Tramonto is all about the sun. Before the dance, we talk about our closest star, including discussing solar flares and sun spots. The audience is encouraged to look for these elements in the dance. In the first section the dancers are connected together by red fabric, dancing in and out of the center of the circle. As the dancers continue this lyrical piece, they disconnect and move throughout the performance space. They use their fabric to create spirals around themselves, arcs in space, and strong lines extending from the body. This piece was first created for a group of talented high school students who live on Bainbridge Island. While a few steps have changed since then, it's mostly the same piece! The music for this piece is from Vivaldi's The Four Seasons. Costumes are red, flowing dresses.
Dwarf Star, our second piece, is a short dance about dwarf stars. Before the piece, we learn that stars have a life-cycle somewhat similar to that of humans--they are born, grow bigger, then fade away. There are many different kinds of dwarf stars including white, yellow, and brown dwarfs. In this piece the dancers are pretending to be white dwarfs. This is one of the last stages of a star's life. At this point, a star is loosing heat and energy, slowly fading as its gases escape. The dancers in this piece struggle, twitch, and dart around the stage, trying to survive. This piece is filled with unusual and humorous movement. The music for this piece is called, surprisingly, Dwarf Star by Rasputina. Costumes are gold tops with black pants.
Orion vs. Scorpius tells the story of the constellation Orion. It is said that Orion battled and defeated Scorpius, but not before he was stung by the scorpion's tail. After the audience hears this mythological tale, two dancers battle in a hip-hop inspired piece. While the dancers are not assigned a specific character for this piece, we encourage the audience to decide who is the human and who is the scorpion. Does one look more animalistic? More heroic? The music for this piece is Autechre's Rpeg. Costumes are hip looking street clothes.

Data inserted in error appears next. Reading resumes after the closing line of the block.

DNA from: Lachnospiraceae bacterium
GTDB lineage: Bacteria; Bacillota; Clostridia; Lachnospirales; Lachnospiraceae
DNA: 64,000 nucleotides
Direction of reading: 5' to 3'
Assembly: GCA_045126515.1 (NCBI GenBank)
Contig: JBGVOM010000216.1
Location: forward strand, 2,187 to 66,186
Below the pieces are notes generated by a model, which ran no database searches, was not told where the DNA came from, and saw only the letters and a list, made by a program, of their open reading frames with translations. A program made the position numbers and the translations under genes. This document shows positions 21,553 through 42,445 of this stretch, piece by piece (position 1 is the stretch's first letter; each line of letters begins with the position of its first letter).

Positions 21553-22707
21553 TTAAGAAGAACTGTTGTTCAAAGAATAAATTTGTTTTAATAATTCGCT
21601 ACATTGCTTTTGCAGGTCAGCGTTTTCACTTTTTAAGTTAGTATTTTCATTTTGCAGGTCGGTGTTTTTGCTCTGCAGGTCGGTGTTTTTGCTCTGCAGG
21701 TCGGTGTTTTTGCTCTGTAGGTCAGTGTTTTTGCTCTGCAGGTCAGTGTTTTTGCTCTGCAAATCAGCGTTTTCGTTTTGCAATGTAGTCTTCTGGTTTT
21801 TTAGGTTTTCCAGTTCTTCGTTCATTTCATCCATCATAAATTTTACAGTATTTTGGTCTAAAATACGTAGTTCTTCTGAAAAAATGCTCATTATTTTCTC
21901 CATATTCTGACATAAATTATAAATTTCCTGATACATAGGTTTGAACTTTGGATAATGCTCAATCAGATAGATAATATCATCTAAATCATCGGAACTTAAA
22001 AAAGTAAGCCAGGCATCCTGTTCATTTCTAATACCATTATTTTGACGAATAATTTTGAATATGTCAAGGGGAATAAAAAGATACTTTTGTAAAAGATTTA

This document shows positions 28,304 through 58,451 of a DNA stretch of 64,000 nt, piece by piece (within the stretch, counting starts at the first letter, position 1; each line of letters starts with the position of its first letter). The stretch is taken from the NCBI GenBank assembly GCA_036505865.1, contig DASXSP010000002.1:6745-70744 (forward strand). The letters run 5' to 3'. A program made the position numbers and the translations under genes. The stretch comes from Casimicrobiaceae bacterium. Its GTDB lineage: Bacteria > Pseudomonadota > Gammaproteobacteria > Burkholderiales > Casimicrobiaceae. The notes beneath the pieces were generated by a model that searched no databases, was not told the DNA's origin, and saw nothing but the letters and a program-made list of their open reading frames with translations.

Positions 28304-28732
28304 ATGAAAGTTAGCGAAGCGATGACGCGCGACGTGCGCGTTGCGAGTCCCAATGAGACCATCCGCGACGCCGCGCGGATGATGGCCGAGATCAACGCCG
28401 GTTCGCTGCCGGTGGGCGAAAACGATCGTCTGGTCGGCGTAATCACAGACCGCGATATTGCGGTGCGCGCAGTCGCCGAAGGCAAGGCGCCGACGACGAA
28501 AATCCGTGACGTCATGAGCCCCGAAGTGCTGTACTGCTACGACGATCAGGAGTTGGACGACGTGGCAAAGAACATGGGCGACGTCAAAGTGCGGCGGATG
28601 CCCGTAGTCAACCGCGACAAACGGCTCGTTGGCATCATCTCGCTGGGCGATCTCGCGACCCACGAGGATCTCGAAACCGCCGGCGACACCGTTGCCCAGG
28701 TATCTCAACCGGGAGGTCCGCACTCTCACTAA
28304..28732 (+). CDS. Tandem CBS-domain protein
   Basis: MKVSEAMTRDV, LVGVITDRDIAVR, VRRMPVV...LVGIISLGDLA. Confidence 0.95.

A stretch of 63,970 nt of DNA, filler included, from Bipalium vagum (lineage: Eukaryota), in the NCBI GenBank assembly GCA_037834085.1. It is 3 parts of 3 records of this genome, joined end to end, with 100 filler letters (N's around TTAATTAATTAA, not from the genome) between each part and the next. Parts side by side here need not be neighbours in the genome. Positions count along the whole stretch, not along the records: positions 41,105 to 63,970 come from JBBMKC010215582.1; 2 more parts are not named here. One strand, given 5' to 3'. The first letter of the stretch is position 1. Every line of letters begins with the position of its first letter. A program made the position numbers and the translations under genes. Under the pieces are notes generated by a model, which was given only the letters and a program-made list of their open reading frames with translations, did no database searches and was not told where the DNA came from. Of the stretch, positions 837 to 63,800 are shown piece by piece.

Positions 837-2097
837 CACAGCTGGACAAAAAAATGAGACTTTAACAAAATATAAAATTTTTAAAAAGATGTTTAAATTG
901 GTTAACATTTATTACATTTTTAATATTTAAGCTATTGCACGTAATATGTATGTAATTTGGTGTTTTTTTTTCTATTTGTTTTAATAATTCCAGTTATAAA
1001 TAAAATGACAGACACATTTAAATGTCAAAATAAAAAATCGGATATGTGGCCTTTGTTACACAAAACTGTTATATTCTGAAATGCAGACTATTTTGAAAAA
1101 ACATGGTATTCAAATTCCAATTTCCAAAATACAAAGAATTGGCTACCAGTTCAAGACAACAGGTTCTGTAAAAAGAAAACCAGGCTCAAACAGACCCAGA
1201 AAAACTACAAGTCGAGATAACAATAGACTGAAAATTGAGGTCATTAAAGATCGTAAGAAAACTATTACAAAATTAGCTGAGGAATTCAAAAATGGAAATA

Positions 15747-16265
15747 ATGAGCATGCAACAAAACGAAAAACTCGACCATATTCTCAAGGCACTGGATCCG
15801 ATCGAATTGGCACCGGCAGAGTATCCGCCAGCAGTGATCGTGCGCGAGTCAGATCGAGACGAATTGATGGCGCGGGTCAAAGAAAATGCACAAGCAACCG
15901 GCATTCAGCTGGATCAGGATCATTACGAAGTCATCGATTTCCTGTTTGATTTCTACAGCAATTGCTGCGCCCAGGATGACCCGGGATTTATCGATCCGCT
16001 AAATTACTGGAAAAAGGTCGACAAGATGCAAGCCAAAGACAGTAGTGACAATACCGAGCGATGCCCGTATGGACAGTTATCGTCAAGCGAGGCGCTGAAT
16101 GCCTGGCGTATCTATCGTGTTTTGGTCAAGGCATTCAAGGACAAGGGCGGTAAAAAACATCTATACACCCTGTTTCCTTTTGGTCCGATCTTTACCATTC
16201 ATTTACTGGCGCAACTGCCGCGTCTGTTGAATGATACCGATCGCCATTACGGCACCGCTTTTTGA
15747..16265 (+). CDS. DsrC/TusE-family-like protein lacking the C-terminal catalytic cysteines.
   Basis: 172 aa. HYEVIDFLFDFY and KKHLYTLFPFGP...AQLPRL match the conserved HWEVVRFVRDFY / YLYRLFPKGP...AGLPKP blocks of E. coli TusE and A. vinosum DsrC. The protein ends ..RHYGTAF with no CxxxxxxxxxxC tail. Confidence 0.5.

Gravity is a piece all about the theory of gravity. Before this dance, the audience hears about Sir Isaac Newton and how he discovered the force of gravity. The dancers fly across the stage, jumping and catching, falling and recovering. It is an exciting, death-defying work. The lifts in this piece are extremely complicated and the dancers have spent three months practicing together to get the timing right. One false move and someone could fall on the floor. But, don't worry. Part of being a dancer is learning how to land gracefully and without getting hurt. The music for this dance is a marimba piece called Nagoya Marimbas. Costumes are blue leotards.